Johns Hopkins CIO Stephanie Reel: Top insights from nearly 30 years in health IT

Throughout her decades-long career leading healthcare information technology and services at Johns Hopkins, Stephanie Reel has embodied three core tenets that have led to her success: be kind, be truthful and follow through.

"That sounds so easy and trivial, but when someone calls and says can you call me back, do it. If someone calls with a system problem, help them. Meet with your team and listen to the customers who have a concern. If you tell the truth, do what you say you're going to do, and always be kind to one another, I don't think you can fail," she said, as she spoke about being a successful leader.

Ms. Reel became vice president for information services for Johns Hopkins Medicine in 1994 and then vice provost for information technology and CIO for Johns Hopkins University in 1999. She now serves as CIO for all divisions of the Baltimore-based Johns Hopkins University and Health System. During her tenure, she has been honored by the Smithsonian Institute and Healthcare Informatics for her innovation in IT. The university implemented self-service solutions for faculty, staff and students under her leadership and she oversees the health system's efforts to advance EHR utilization. Her responsibilities also include strategic planning for telecommunications, information services and networking.

Last year, Ms. Reel announced her plans to retire this summer. Ahead of her departure, Ms. Reel took a few minutes to discuss her career and where she sees health IT headed in the future.

Question: What was the biggest challenge you had to overcome as CIO?

Stephanie Reel: The scarce availability of capital in the nonprofit world, especially in academia at a university. There is always a temptation to invest in the next greatest technology and given the environment in which we work, we have to be thoughtful and respectful and make purposeful use of our resources. There is competition for resources. The greatest single challenge is to make sure our investments are thoughtful and align with the mission of the organization.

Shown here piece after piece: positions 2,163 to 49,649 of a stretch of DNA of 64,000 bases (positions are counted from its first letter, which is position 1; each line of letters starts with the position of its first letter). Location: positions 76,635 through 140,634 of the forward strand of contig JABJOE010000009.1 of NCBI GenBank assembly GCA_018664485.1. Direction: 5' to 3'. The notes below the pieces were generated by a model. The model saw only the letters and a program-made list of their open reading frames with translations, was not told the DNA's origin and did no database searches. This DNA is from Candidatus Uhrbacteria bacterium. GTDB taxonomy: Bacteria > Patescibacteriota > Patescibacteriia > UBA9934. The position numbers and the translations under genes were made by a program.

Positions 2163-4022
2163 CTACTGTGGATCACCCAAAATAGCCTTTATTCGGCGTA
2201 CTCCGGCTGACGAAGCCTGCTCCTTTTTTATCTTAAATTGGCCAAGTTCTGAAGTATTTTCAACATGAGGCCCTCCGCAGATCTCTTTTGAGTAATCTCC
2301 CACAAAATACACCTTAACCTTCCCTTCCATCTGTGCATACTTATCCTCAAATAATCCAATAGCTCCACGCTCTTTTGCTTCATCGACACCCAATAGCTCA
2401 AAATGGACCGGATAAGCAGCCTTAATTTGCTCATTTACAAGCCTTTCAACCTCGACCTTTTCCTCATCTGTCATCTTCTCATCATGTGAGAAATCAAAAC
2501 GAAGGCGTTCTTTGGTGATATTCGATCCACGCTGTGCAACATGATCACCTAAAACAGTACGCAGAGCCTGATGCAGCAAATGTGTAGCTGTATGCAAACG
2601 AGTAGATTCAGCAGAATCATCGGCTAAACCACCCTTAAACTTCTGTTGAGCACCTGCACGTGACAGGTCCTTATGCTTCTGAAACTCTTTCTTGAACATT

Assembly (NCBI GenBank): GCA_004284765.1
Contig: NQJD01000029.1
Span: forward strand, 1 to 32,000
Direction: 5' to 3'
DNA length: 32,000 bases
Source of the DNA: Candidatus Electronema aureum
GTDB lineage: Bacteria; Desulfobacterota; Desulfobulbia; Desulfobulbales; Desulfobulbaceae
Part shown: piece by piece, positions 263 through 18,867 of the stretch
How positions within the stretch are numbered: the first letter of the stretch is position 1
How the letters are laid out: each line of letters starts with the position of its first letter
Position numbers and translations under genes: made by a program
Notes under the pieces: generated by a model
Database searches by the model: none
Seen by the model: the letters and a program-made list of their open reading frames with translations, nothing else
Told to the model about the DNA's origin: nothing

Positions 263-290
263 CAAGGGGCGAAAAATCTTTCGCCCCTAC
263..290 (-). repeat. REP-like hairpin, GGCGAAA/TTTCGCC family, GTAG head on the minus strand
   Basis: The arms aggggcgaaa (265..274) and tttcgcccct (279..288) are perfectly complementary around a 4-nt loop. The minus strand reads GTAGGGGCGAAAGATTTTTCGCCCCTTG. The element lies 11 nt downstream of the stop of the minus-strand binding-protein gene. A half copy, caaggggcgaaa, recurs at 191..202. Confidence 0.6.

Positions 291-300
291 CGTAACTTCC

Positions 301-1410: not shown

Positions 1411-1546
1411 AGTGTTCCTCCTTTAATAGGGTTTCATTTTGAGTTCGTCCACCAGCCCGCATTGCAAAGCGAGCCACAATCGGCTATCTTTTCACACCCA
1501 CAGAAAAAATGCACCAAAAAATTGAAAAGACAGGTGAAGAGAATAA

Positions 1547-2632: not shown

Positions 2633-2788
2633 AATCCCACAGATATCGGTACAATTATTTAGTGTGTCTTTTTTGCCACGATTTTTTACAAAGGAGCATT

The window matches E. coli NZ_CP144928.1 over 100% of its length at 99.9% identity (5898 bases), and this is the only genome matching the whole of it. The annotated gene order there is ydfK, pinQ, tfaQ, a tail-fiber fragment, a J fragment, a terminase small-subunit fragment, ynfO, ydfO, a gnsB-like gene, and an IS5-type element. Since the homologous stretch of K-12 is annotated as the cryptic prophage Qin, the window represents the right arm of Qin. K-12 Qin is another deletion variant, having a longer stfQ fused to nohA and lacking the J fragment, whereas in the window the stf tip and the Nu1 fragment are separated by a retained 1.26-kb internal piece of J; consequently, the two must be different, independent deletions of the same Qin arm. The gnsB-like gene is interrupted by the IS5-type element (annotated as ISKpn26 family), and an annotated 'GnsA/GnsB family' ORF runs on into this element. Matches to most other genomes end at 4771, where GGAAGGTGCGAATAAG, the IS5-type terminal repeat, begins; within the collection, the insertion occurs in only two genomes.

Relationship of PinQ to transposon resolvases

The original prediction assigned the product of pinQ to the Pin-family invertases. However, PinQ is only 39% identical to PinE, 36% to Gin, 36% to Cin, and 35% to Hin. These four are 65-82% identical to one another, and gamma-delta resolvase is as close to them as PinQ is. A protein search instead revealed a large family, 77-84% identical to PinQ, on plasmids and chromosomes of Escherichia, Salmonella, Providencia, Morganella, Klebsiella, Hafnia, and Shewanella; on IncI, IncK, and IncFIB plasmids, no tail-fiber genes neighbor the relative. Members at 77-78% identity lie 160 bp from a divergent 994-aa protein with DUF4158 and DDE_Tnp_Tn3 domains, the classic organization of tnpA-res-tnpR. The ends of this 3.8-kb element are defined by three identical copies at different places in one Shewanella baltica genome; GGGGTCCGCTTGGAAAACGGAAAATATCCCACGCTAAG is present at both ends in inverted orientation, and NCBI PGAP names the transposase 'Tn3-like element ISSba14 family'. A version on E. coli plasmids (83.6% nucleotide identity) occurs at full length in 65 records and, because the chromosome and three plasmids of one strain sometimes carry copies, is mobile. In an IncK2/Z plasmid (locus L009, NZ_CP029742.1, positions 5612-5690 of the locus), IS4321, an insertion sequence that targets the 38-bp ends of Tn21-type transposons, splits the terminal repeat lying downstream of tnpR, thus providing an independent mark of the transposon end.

Q: How do you make sure you're a good steward of the health system's dollars?

SR: We have very explicit guiding principles here in IT at Hopkins on the AMC side of our business. The guiding principle for everything we do is what is best for the patient. The second guiding principle is doing what is best for the people delivering care for the patient, and finally doing what is best for the students and education of the students. That makes my job easier.

Q: Can you give an example of technology over the years that has really been worth the investment?

SR: There have been many examples over the past 30 years, but I would have to say one of the most beneficial has been the approach we have taken in the design, development and implementation of systems. It sounds trivial, but our approach has paid off because the work we do has to be completely informed by the customer. But the customer has to be redefined based on the project we're working on, whether it's the patient, physicians, researchers or students. We always aim to listen carefully, partner respectfully and be thoughtful about the implementation while also making sure that the implementation is respectful of the tech challenges, as well as user expectations, demand and requirements.